From a development perspective, disaster risk reduction is vital for building a more equitable and sustainable future. Making investments in prevention and preparedness is a necessary part of systematic efforts to increase resilience to disaster.
UNDP chief urges increased investment in disaster risk reduction
Christchurch/New York—Countries must invest in disaster prevention and preparedness and donor countries and development organizations must prioritize such support to poor countries if human and economic development gains are to be made and not lost, said Helen Clark, former New Zealand Prime Minister and current head of the United Nations Development Programme (UNDP).
Helen Clark gave a keynote lecture today at the University of Canterbury in Christchurch, New Zealand, using the opportunity to focus on the devastating effects of natural disasters on the poorest and most vulnerable and highlighting the urgent need for prevention and resilience for these communities.
“For every dollar invested in minimizing risk, about seven dollars will be saved in economic losses from disasters,” Helen Clark said. “I see our work in disaster risk reduction being about building fences at the top of cliffs, rather than being content to place ambulances at the bottom.”
In February 2011, a magnitude 6.3 earthquake struck Christchurch and the surrounding area, killing 185 people, making it the second deadliest and most costly disaster in New Zealand’s recorded history. Helen Clark said that while the loss of life and property was devastating, it would have been immensely worse if significant investments in resilience had not been made, including through civil defense and emergency services preparedness, early warning systems, and investments in earthquake-resistant homes and other infrastructure.
“The earthquake in Haiti in January 2010 was about the same magnitude as the major February quake in Christchurch, but the human toll was significantly higher,” Helen Clark said. “The tragic deaths of more than 220,000 people in Haiti tells us that it is not the magnitude of the disaster or natural hazard alone which determines its impact.”
From drought prone regions of Africa, to regions prone to cyclones and flooding, to the impact of the January 2010 quake on Haiti’s densely populated capital and the major seismic disasters in New Zealand, Japan, Chile, Iran, and elsewhere, natural disasters are causing untold levels of human suffering and environmental and economic harm. In 2011 alone, almost 30,000 people were killed in 302 disasters, and 206 million people affected by floods, droughts, cyclones and other natural shocks, according to the UN’s Office for Disaster Risk Reduction (UNISDR).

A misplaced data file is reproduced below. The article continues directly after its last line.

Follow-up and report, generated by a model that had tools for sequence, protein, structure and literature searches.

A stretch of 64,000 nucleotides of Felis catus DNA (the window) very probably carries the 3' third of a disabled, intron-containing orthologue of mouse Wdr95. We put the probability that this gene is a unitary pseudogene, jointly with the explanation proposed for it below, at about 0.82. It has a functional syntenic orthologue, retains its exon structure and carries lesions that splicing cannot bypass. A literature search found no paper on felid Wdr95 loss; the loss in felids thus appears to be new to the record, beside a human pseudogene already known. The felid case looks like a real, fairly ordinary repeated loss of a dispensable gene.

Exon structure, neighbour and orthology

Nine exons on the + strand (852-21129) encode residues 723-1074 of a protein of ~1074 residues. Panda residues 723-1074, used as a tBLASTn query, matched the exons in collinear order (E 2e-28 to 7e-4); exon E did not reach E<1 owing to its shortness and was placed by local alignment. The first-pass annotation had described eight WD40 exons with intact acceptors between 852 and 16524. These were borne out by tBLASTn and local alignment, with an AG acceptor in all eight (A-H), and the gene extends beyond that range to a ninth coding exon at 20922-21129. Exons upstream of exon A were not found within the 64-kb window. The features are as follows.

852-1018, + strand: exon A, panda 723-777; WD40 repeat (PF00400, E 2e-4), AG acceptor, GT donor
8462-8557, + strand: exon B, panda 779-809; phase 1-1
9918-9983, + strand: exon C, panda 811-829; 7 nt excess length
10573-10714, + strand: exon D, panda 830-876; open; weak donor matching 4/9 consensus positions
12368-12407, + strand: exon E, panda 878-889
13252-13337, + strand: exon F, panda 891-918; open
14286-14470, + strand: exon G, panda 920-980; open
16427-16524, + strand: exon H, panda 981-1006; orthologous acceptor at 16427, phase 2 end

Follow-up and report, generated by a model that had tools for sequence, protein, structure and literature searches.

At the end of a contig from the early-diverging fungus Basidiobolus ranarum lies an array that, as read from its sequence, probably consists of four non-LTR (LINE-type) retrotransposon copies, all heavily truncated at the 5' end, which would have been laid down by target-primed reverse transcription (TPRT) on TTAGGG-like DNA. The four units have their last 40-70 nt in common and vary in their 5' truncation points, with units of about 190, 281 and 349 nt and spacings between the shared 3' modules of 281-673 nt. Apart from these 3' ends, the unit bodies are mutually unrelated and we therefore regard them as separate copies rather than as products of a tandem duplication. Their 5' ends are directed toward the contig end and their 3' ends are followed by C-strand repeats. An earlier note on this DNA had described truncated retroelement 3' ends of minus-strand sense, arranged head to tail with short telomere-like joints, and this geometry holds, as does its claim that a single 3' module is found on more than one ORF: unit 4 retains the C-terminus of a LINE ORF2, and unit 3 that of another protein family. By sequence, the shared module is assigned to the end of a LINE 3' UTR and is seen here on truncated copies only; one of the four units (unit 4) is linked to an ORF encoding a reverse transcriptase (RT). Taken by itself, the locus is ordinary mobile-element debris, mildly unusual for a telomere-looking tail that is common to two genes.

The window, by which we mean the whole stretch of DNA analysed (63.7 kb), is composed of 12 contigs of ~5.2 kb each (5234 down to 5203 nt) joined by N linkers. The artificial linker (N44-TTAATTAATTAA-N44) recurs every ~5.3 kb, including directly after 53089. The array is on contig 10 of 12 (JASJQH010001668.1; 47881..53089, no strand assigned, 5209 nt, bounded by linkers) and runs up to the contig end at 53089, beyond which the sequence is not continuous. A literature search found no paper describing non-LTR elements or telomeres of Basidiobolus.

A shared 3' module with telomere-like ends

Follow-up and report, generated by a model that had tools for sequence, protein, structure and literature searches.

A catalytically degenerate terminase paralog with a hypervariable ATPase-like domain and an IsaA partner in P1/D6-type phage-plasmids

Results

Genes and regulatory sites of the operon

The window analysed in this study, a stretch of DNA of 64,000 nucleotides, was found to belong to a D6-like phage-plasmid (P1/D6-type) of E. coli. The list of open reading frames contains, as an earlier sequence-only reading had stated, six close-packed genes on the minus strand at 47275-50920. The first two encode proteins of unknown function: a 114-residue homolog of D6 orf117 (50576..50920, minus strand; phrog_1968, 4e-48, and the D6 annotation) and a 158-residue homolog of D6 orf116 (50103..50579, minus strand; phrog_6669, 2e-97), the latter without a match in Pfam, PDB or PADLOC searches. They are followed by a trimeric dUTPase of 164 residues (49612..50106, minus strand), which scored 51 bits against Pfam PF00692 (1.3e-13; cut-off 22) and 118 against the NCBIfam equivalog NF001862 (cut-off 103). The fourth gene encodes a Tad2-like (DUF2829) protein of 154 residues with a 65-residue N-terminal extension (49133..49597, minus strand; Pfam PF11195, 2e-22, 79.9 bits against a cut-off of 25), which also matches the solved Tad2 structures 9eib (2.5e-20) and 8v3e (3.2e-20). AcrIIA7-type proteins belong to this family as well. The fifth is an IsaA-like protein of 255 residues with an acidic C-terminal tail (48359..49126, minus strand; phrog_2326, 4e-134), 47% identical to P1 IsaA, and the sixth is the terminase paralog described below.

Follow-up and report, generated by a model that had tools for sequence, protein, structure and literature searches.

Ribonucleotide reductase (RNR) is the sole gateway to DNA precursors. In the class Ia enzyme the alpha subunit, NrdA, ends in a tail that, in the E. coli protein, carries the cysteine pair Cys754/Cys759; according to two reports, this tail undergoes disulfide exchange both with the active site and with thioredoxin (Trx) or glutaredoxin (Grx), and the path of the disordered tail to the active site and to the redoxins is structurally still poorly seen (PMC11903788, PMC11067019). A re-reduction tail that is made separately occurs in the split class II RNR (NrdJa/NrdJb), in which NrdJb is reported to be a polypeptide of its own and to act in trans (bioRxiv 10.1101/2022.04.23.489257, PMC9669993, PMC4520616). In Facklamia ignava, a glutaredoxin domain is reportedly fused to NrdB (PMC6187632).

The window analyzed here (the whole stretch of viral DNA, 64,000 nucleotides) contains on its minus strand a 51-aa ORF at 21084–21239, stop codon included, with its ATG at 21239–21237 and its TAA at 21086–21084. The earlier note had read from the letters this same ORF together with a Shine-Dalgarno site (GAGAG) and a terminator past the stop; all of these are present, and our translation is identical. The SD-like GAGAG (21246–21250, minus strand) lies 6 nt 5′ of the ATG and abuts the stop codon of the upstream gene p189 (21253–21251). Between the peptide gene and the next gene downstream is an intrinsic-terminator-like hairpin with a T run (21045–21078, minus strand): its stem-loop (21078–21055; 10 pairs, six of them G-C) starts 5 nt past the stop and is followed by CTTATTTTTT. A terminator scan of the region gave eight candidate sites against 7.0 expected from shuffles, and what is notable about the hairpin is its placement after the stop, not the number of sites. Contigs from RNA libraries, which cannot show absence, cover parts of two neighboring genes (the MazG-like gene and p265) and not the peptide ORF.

These disasters have staggeringly high economic costs as well, hitting the most vulnerable the hardest. Global economic losses attributed to disasters caused by natural hazards last year reached US$380 billion, an increase of nearly two-thirds over 2005, the previous record year.
Even more sobering:
• 95 percent of disaster-related deaths occur in developing countries;
• more than half of all cyclone deaths occur in least developed nations; and
• 85 percent of people exposed to disasters live in countries with medium to low levels of human development.
For the desperately poor, disasters disrupt hard-earned development progress and prevent people escaping poverty. Those who escape with their lives, but are still affected by disaster, are often forced to sell assets and rely on subsistence-level activity, keeping them well below the international poverty line of $1.25 per day . Within poor countries, it is the most marginalized, including women and girls, who suffer the greatest impact.
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